Feb 22, 2016 | Atlanta, GA
The popularity of the social media hashtag #BlackLivesMatter can be traced to 2012, when George Zimmerman was acquitted in the murder of Trayvon Martin. The impact of #BlackLivesMatter was felt again last fall, when higher education institutions received public demands from students about addressing culture and climate on college campuses and renewing dialogue on the ways society is falling short in its pledge of “liberty and justice for all.”
During Georgia Tech’s third annual Black History Month Lecture on February 11, presented by Institute Diversity and the African-American Student Union (AASU), Benjamin Crump, partner of Parks & Crump Law Firm, delivered a keynote speech on “The Criminal Justice System, #BlackLivesMatter, and College Student Activism Today.” Crump is known for his cases with civil rights implications.
“Diversity is a community value — a value that Georgia Tech has prioritized in its Strategic Plan. We were honored that Benjamin Crump spoke at this year’s Black History Month Lecture — as we are finding social justice through social media movements in the 21st century,” said Archie Ervin, vice president of Institute Diversity.
During Crump’s keynote address, one question was asked repeatedly: “Georgia Tech, where do you stand?”
He remarked, “Georgia Tech is one of the finest institutions in the world. How can you use your influence — your technical and entrepreneurial knowledge — to take a stand? We need to take a position because it is the right thing to do.”
Crump represented Trayvon Martin’s family at the start of the #BlackLivesMatter social movement as the case was catapulted into the national spotlight.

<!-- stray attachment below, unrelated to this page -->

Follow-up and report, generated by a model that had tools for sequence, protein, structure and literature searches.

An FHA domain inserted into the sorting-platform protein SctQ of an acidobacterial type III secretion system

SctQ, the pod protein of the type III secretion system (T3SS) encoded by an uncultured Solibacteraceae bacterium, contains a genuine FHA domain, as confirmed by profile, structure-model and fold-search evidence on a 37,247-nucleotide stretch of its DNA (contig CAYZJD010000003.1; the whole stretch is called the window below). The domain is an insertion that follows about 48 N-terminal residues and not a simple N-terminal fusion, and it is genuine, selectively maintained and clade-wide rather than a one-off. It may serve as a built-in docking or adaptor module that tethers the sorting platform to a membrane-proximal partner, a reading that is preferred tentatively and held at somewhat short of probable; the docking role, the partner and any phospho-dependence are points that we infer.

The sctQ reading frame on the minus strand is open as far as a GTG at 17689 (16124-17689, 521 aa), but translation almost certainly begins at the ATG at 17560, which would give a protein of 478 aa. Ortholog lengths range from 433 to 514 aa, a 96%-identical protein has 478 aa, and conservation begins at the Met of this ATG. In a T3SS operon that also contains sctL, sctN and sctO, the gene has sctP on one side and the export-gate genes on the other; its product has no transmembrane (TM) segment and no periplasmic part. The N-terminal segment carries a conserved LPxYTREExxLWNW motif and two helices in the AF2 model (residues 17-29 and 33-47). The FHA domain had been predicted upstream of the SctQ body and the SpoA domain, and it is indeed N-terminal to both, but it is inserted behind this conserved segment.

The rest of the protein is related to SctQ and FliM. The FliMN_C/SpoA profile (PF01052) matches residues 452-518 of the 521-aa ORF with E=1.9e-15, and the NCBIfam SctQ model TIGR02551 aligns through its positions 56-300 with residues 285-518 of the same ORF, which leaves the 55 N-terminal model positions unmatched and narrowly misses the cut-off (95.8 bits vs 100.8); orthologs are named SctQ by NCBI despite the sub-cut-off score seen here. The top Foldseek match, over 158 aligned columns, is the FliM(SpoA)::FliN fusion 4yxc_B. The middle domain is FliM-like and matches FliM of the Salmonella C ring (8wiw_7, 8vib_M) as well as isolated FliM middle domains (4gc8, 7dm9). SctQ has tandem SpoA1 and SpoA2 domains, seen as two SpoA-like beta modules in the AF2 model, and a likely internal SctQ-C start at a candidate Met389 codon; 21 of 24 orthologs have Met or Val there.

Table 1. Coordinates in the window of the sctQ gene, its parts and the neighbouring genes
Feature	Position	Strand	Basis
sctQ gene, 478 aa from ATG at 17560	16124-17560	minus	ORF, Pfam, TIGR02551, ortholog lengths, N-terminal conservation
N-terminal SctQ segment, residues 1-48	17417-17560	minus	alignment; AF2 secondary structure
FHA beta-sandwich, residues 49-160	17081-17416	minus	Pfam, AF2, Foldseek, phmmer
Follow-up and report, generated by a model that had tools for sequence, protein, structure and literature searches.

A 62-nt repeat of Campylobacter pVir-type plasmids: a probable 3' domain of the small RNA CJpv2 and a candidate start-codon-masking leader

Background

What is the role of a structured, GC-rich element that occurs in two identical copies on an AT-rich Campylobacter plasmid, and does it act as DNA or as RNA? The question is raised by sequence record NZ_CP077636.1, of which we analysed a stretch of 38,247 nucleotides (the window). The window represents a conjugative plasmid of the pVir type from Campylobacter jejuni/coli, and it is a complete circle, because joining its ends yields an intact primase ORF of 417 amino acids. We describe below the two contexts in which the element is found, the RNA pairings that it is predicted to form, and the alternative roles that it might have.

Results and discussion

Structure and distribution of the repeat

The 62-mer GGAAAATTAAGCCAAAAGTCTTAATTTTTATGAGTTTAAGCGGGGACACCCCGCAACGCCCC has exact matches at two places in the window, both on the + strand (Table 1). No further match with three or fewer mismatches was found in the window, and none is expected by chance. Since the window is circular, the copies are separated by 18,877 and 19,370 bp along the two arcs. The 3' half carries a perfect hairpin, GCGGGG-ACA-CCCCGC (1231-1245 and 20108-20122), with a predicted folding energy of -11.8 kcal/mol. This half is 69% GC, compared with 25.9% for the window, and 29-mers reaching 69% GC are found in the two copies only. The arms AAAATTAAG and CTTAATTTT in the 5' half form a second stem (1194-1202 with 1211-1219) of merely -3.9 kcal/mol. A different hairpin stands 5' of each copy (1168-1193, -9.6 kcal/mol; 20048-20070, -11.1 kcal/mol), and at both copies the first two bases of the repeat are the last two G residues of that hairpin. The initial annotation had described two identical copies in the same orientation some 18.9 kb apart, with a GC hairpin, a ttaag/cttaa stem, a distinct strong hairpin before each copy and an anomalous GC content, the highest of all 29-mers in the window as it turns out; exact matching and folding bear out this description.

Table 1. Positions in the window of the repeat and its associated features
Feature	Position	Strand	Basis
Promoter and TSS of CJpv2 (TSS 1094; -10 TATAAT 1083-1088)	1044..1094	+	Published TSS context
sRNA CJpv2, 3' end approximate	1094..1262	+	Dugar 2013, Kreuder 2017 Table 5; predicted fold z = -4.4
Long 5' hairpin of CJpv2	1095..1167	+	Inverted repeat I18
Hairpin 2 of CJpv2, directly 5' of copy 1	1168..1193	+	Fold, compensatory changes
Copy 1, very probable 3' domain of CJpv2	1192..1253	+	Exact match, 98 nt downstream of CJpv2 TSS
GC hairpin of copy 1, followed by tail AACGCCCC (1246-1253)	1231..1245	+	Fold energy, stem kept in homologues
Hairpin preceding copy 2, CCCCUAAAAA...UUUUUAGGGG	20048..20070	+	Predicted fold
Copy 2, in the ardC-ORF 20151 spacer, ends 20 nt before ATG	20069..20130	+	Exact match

Even though Crump never had the chance to meet Trayvon, he recalled the sound of hopelessness from Trayvon’s father, Tracy Martin, after his son was shot. “My son was walking home from the 7-Eleven when the Neighborhood Watch volunteer shot and killed him, and they’re not going to arrest him. Travyon was unarmed, holding a bag of Skittles and an iced tea,” recounted Crump from Martin.
Under Florida’s Stand Your Ground statute, police were prohibited from arresting Zimmerman, so according to Crump, “People found justice through social media. The major media outlets could not ignore the case because #BlackLivesMatter was omnipresent on social media.”
"We need laws that tell people your life matters," concluded Crump. “By standing up for the Trayvon Martins and Michael Browns of the world, it makes America a great beacon of hope for the rest of the world to marvel. We all have a role to play. Figure out what role you play to make lives better for all our children.”
Raianna Brown, president of AASU, echoed Crump’s sentiments, commenting on students’ role. “We enjoyed hearing how the criminal justice system contributed to the recent #BlackLivesMatter and college student activism movements,” she said. “It is important to learn how we, as students, can help make the criminal justice system more equitable.”
To learn more about the Black History Month Lecture, visit www.diversity.gatech.edu.